Look at your local strategy to see if CLLD and community grants are included.

6

There’s even more funding and a strong focus on youth

For areas with high youth unemployment, there will be additional funding available from the Youth Employment Initiative. This means that London, Merseyside, Tees Valley and Durham, and West Midlands will get up to £42 million additional funding. Other areas that will also receive smaller allocations from the YEI are Hull, Leicester, Nottingham and Thurrock. Find out more about the YEI.

7

Know where to look for funding opportunities

Calls will be published either

  • on the Managing Authorities website - https://www.gov.uk/european-structural-investment-funds. Any potential applicant needs to register on the DCLG LOGASnet system before they can submit any applications.

or

  • via the ‘Opt-in’ organisations’ own dedicated portals (expected from June 2015 onwards). The Opt-in organisations are the Big Lottery – for social inclusion, the Department for Work and Pensions - for employment, the Skills Funding Agency – for skills, apprenticeships and training and the National Offender Management Service - for offenders and ex-offenders. Applying via the opt ins means that you will not need to find your own match funding.

In all cases, your project will need to be able to demonstrate how it addresses the priorities set out in your local LEP-area strategy

Smaller voluntary and community organisations should be aware that grants and contracts sizes may be large and, therefore, you may want to consider accessing the ESIF at sub-contracting level or join forces with other organisations to form a larger consortium. 

8

You can use volunteer time as match funding

Any organisation receiving ESIF funding must be able to provide a similar amount (match) from their own funding sources. This match funding can come from private contributions or government grants. You can match the EU fund by using staff time in kind and for the first time in England, it has been agreed that in exceptional circumstances for ESF projects, volunteer time will be eligible as match.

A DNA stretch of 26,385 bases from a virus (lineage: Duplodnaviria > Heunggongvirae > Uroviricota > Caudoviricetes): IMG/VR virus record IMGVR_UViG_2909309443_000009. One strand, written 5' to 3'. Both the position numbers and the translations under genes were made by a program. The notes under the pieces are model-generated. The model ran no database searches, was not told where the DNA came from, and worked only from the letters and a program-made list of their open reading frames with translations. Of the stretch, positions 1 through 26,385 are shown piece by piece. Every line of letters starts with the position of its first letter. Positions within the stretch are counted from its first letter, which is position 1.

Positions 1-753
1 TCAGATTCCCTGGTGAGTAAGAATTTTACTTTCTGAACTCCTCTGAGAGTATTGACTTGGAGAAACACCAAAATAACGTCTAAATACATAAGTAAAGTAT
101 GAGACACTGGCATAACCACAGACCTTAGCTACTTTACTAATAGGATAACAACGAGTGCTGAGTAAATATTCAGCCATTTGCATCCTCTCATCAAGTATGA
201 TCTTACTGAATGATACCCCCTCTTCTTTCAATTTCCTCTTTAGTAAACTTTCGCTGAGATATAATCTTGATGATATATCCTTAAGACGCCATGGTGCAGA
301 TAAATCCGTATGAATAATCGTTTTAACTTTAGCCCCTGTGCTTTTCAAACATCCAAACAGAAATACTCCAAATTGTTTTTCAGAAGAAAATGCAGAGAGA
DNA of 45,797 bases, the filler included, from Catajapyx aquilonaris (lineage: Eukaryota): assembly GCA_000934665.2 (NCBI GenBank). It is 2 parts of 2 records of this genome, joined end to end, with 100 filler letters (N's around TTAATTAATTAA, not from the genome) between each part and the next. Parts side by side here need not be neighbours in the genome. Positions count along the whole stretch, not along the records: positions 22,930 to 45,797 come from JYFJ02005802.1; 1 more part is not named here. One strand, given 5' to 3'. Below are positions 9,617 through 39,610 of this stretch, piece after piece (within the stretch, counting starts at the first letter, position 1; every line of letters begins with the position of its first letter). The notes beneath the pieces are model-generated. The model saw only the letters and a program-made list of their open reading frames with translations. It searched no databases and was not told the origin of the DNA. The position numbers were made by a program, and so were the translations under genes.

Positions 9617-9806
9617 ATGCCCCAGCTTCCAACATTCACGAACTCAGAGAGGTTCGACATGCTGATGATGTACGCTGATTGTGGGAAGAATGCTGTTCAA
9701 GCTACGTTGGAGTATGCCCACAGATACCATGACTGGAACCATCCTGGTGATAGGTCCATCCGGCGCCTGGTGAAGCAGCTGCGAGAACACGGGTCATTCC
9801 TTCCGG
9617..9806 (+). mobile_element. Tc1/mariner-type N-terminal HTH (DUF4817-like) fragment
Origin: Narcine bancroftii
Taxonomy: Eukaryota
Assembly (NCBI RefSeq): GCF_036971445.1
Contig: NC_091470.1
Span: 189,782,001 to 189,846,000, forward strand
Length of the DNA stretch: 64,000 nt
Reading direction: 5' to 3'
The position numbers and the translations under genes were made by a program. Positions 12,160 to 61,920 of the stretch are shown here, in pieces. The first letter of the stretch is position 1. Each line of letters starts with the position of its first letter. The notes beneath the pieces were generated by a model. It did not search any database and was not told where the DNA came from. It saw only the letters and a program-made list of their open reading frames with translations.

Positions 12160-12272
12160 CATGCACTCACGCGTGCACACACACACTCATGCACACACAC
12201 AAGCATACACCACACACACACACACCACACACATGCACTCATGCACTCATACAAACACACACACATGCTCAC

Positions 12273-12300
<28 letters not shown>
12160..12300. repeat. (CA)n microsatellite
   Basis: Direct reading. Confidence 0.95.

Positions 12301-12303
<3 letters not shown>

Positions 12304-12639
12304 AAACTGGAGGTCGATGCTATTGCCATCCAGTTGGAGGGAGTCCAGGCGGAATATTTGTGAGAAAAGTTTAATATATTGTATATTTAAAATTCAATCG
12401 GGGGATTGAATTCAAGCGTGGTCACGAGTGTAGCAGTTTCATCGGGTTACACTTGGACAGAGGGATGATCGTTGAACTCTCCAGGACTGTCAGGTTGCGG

9

The EU Code of Conduct on Partnership will be your new best friend

Thanks to the European Code of Conduct on Partnership, the voluntary sector is a key partner in the ESIF and should be involved in planning, implementation, evaluation and monitoring of the funds. 

10

This programme will be simpler

We all know that EU funding is renowned for its overwhelming bureaucracy, but here are a few new approaches designed to simplify the process in this Programme:

  • Simplified cost options (the UK government has not yet confirmed but they are exploring using flat rates and standardised unit costs)
  • There is a common set of rules for all the ESI funds.
  • Where projects draw on more than one fund, it will be managing authorities who will deal with the complexity of aligning them – one project will be mean one application form.
  • The programme will be fully digitalised and you will be able to apply for everything using an online application system.

All of this in practice should mean less bureaucracy for voluntary organisations but only time will tell whether these improvements will make a difference to applicants.               

Further information

There is a wealth of information for charities on the European Funding Network website.
Go to the Government’s dedicated website on the ESIF – www.gov.uk/european-growth-funding

Glossary on the ESIF 2014-2020
On twitter, follow @EUfundingNCVO and @esif1420england
See useful blog posts on the European Social Fund

European Social Fund

Contributors

Page last edited May 24, 2017 History